So what did Lil Yachty end up buying at the end of the episode? All Jordan’s. What is Lil Yachty mainly seen wearing? Nike and New Balance but mainly Nike footwear.

Consumers are so aware now due to the transparency of the internet and social media apps that they no longer believe the moments they’re sold in which an influencer sports a shoe for a shoot or commercial and makes a few statements about the brand. The solution is brand loyalty.

Brand Loyalty. It doesn’t need to be long-term or a Lebron like lifetime endorsement but it does need to be longer than a photo shoot or commercial takes. The brand and influencers need to build a believable image and effort and this will take time. How much time? Well we know from research and psychology that habit forming is somewhere in between 15-25 days so maybe that’s our starting point. Next, we need to figure out a sensible arrangement and talk to influencers about the need for believability not behind their backs or in muffled voices of “I wish she’d wear our brand more”, it needs to be clearly understood terms of the partnership and the artist needs to be onboard 100%, especially if they’re getting good money to do it.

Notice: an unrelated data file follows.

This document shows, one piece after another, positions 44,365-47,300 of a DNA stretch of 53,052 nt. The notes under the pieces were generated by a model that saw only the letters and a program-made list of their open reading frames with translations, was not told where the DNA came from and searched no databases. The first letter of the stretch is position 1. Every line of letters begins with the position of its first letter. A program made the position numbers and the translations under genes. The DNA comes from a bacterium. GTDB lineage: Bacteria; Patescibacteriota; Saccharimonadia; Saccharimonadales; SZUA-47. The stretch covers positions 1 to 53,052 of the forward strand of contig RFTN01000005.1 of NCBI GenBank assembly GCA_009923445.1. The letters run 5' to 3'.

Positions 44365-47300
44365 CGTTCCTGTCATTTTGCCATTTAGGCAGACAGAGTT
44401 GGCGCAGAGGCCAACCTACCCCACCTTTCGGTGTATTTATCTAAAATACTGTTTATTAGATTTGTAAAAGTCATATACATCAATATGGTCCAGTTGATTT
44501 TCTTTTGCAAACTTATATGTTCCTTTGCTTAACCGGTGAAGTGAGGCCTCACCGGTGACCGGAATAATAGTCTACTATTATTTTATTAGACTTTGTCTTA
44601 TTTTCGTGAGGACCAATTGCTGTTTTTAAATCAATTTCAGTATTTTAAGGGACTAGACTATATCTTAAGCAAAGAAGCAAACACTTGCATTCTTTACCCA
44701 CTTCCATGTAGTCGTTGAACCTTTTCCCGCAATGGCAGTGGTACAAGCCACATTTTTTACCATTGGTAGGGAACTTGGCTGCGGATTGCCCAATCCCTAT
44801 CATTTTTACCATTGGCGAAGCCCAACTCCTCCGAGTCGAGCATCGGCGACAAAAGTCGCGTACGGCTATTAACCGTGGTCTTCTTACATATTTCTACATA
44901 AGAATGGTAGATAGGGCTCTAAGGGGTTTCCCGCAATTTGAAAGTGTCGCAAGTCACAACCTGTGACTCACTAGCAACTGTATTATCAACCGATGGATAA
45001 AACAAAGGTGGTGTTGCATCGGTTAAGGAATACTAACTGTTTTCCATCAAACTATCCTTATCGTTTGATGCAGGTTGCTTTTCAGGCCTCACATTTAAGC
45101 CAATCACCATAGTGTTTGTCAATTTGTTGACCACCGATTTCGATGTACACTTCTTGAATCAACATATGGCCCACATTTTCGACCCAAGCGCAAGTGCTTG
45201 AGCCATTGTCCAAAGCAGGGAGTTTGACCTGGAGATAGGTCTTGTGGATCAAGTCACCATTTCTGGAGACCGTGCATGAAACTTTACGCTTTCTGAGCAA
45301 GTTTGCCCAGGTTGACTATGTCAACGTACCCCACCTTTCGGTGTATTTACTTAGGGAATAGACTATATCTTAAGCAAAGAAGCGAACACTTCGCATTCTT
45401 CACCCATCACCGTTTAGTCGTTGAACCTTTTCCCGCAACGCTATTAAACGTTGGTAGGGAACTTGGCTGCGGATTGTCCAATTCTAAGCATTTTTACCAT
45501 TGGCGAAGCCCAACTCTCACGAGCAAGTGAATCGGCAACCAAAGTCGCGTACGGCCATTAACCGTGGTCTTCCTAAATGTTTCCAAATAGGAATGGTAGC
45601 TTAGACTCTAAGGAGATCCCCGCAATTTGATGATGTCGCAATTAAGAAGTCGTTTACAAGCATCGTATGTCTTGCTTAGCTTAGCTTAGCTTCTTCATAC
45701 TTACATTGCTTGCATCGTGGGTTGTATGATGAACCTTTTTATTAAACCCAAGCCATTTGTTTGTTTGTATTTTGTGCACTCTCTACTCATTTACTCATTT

I get it and I applaud Reebok for going after one of the worlds hottest artists BUT…

This isn’t the first time or even close to it that Reebok, like far too many brands these days has formed what could be politely summed up as a questionable alliance with an influencer. Who remembers Future, Rick Ross “Rozay”, Tyga, Camron, Swizzy, Rae Sremmurd, Floyd Mayweather and Gigi Hadid? No one remember them? That’s most likely because they all didn’t last long, was a one-off effort or completely failed to move the needle of the brand’s saleability and awareness to a new demographic that has been and remains open to more than Jordan’s and Timberlands. Interestingly enough, Reebok’s parent company Adidas has taken much of that transitional shift in footwear as have Vans and New Balance.

The one artist that Reebok did sign in the last decade that seemed to move the needle for them was Kendrick Lamar, AKA K Dot. This signing, however, did not last long as he ended up going for the believability of his childhood brand and most likely a much bigger paycheck in signing with footwear giant Nike.

We’ll just have to wait and see if Cardi B can break the past cycle of Reebok collaborators and sponsors that didn’t seem to do much for the brand and give them the boost up they so well deserve but have struggled significantly with over the last decade or so. While I again think it’s an odd partnership, let’s hope for the best and see what consumers think. Research across two blogs before writing this article has shown many haven’t taken the news as a positive for Reebok.